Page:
Short-term pop-ups change the long-term face of the business
LONGMEADOW – In recent years, a new kind of retail business has emerged in squares and parking lots, selling goods, food and services – but only for a little while. Pop-up businesses are everywhere. In Longmeadow, an ever-changing line of temporary retail establishments provide a perpetually fresh shopping experience.
“We’ve done a lot of pop-ups over the past five years,” including weekly farmers’ markets in the summer, said Melissa Pevay, director of marketing for Longmeadow Shops / Grove Property Fund. Upcoming pop-ups include Speed & Sprocket Cycle Works, which runs a bi-weekly pop-up bike store; the Storrs Library, which will have pop-up storytelling hours on July 22 and, on December 5, there will be a “Holiday Walk” Farmer’s Market selling seasonal produce.
While many pop-ups are up for just a few months, some have long-term deals. Lululemon, for example, will air its pop-up in Longmeadow until January 2022.
“Some of our pop-up parking lots have become permanent residents,” Pevay said. Batch Ice Cream is one such company. He raced an ice cream truck seasonally in the parking lot for two years before making the jump to an indoor pop-up last winter. He now has a permanent home in one of the Longmeadow Shops storefronts.
In a State House News Service article, Mike Kelleher, vice president of specialty leasing at Federal Reality, said about 75% are people looking to try new concepts without committing to a permanent brick location and of mortar.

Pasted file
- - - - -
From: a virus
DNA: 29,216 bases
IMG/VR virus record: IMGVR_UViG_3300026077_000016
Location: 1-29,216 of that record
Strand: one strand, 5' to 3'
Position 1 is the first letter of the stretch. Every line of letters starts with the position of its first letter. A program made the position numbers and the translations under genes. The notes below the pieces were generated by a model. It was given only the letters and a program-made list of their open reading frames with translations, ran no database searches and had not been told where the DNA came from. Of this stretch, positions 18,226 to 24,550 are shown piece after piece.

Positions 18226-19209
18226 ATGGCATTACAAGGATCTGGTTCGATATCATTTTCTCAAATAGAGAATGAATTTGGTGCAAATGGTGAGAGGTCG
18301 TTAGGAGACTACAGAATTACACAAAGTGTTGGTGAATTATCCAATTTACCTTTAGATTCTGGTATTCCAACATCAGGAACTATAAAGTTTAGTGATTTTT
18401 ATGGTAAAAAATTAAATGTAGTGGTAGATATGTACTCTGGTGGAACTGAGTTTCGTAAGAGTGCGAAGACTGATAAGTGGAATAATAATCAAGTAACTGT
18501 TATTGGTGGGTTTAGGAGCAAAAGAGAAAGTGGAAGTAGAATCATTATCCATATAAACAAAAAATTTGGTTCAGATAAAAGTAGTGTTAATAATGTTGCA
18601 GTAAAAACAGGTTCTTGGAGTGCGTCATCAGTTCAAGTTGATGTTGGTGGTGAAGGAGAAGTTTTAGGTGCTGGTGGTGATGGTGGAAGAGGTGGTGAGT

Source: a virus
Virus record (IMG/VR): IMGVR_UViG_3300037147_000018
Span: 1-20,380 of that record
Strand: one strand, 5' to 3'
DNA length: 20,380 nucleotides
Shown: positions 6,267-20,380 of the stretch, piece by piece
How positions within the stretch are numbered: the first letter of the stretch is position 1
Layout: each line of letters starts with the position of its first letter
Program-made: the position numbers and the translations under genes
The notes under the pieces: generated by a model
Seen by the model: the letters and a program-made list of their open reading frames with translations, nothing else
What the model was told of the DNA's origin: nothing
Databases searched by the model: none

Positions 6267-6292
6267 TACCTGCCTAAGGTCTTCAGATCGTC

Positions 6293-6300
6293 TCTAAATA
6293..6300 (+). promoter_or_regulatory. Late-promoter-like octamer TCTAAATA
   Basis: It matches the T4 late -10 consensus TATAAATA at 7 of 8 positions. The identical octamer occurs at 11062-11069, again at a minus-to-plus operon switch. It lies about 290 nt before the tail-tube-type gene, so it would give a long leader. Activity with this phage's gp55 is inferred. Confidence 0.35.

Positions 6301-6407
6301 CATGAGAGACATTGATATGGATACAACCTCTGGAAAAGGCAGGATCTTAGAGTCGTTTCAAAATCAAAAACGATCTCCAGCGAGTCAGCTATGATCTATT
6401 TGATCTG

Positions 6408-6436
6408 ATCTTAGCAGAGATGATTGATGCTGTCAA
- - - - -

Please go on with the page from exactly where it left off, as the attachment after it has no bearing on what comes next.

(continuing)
For Longmeadow stores, Pevay said, pop-ups are used to fill empty storefronts when they’re between two tenants. “Last Christmas we would have had two vacancies,” without the pop-ups, she said. Another benefit is that “it just adds a different excitement. It brings different people to our stores, ”she said.
The mall goes to certain businesses when it sees an opportunity. With the farmers market and the Batch ice cream, she said, “People wanted them right here. It’s always fun when people ask for something and you can make it happen.
While Pevay said the place is open to hosting a wide range of pop-ups, there are general guidelines. A rule, for example, is that the place does not accept pop-ups that would compete with its permanent businesses.
The windows of Longmeadow stores are currently full, but the parking lot still offers opportunities for businesses who want something in the short term.
“When it comes to parking, we’re always looking for something new and different,” Pevay said. Stores can accommodate most parking pop-ups. In the past, the square ran a pipe to a mobile pet grooming van, and food trucks were hooked up to street electricity.
Businesses interested in hosting a pop-up at Longmeadow stores can contact Grove Property Fund’s regional property manager Steve Walker at 567-0098 or [email protected]